How Important Are Monthly Searches ?
I was playing chess with my good friends Michael Castello and Toronto Domainer the other night, at a smokey cigar club in Ventura County. Michael is the most astute chess player I have ever met. Somehow, it seems that he is able to see five moves ahead. Michael clearly has the same keen ability away from the chess board. He was registering category killer domains before most people had ever heard of a domain name. Today Michael holds one of the preeminent domain name portfolios in the world.
Toronto Domainer is also an exceedingly formidable chess player. He is able to quickly establish a defensive formation which is seemingly impenetrable, while his knights and bishops wreak havoc on his opponent’s pieces. Toronto Domainer was able to utilize his innate skill in strategy and planning to help procure a buyer and assist in the negotiations of Michael’s $3.1 million dollar sale of Whisky.com.
I just recently started playing chess again, after a long hiatus. My current style of play more closely resembles a force led by the Minister for the Arts, employing a doctrine which is somewhat abstract and expressionistic.
So after a few belicoso cigars and a number of chess matches, we were discussing a set of domain names which I own. The domain names, FixedLoans.com and AdjustableLoans.com, are extremely brandable, very commonly used terms, with low monthly search figures. Michael and I thought that the set could potentially garner six figures while Toronto Domainer felt that the set would bring in less, in great part, due to the low monthly search numbers and the low number of sponsored ads competing for keywords. Our discussion and differences of opinion brings up the decades old debate; how much of a domain’s value determined by the brandability and how much by popularity of the search term?
Clearly, there is no right or wrong answer here. Search term popularity is almost always a good thing. I say “Almost” because being a highly searched term would not make for a great domain name if the term were “George Clooney” or “Microsoft,” unless, of course, you are George Clooney or Microsoft. In my opinion, meaningful, brandable, domain names can often have real value if they are easy to remember and hard to forget, regardless of search term popularity.
So, I set off on a mission this evening. I compiled a list of 20 domain names from DNJournal’s top 100 sales for 2014. DNJournal.com is the holy grail of domain name investing. In addition to their great articles, they put together a weekly sales column which outlines the reported domain sales activity for the previous week. The information is gathered from a variety of sources. DNJournal is, in my opinion, the best barometer of market trends and is a must read for serious domain name investors and executives in the digital space.
I selected domain names of greater than three characters from the bottom of the sales chart. The sales prices ranged from $60,000 to $80,000. I used the AdWords keyword planner to obtain the average monthly search figures and suggested bids for each domain name. The results were very interesting. Of the 20 domain names:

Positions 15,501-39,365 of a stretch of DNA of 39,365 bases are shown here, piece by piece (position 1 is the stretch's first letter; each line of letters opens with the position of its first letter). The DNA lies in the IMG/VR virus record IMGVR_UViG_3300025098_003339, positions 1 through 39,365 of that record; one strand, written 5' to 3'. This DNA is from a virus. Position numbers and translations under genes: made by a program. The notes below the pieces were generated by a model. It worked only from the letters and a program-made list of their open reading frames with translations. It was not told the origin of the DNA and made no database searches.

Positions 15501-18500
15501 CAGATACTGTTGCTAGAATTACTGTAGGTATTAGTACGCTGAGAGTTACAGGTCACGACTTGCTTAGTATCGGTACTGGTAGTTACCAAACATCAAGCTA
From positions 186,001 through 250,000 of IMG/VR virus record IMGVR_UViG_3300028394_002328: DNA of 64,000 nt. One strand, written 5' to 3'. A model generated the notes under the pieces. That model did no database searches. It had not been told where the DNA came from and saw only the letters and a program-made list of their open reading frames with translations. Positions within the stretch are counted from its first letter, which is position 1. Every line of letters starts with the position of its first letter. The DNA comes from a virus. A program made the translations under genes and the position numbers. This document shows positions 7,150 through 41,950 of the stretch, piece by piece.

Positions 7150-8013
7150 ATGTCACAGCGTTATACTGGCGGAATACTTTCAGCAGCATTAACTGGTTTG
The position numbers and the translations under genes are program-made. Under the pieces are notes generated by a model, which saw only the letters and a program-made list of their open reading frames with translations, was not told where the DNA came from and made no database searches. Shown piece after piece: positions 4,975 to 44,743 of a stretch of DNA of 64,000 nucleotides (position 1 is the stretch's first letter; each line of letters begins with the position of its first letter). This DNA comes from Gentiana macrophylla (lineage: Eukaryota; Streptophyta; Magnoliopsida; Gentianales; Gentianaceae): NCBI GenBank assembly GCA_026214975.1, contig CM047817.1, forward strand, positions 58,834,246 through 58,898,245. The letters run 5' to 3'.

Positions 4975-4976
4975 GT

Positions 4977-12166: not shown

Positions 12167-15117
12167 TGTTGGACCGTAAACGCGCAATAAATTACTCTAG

3 domains had over 100,000 average monthly searches.
5 domain names had less than 1,000 monthly searches
5 domains had a suggested bid of greater than $1.00
7 domain names had a suggested bid of less than $0.10
16 names were parked or inaccessible prior to sale.
2 names were nicely developed, prior to sale, 2 were poorly developed.
9 domain names are parked or inaccessible since having been purchased.
10 domain names were developed since having been purchased, one is being redirected.
I realize that this study is less than scientific and that these comps are rather simple. Even then, it does give some indication that a meaningful percentage of high dollar domain name sales relate to domains with less than stellar monthly search and suggested bid numbers. It also indicates that many undeveloped domain names fetch top dollar.
Meaningful domain names can be a great asset to advertisers who wish to retain a larger percentage of their viewership. Let’s say you operate the Bank of Upper Volta and use the domain name BankOfUpperVolta.com. You decide to invest millions of dollars on a print and television advertising campaign, to inform people about your very low rates on fixed loans. At the end of the commercial, would it be prudent to direct potential customers to: BankOfUpperVolta.com/FixedLoans? Wouldn’t it be worthwhile to invest a little bit more to acquire a meaningful, brandable domain name, such as FixedLoans.com? There are a large number of financial institutions offering fixed loans but there is only one FixedLoans.com.
There is really no good reason why any large corporation should feature a domain name with a “/” on a television commercial or print advertisement. That’s one reason why I strongly believe that certain brandable domain names can have great value, irrespective of monthly searches or suggested bids. If retaining the customers, which you have invested so much money to attract, requires an additional investment of $10,000, $100,000 or even $1,000,000 wouldn’t it seem a prudent investment? What good would it be to garner their interest, if at the end of the commercial, they find themselves lost on the information highway, unable to find you?
Where do you stand on this topic? Your comments and opinions are greatly valued and appreciated.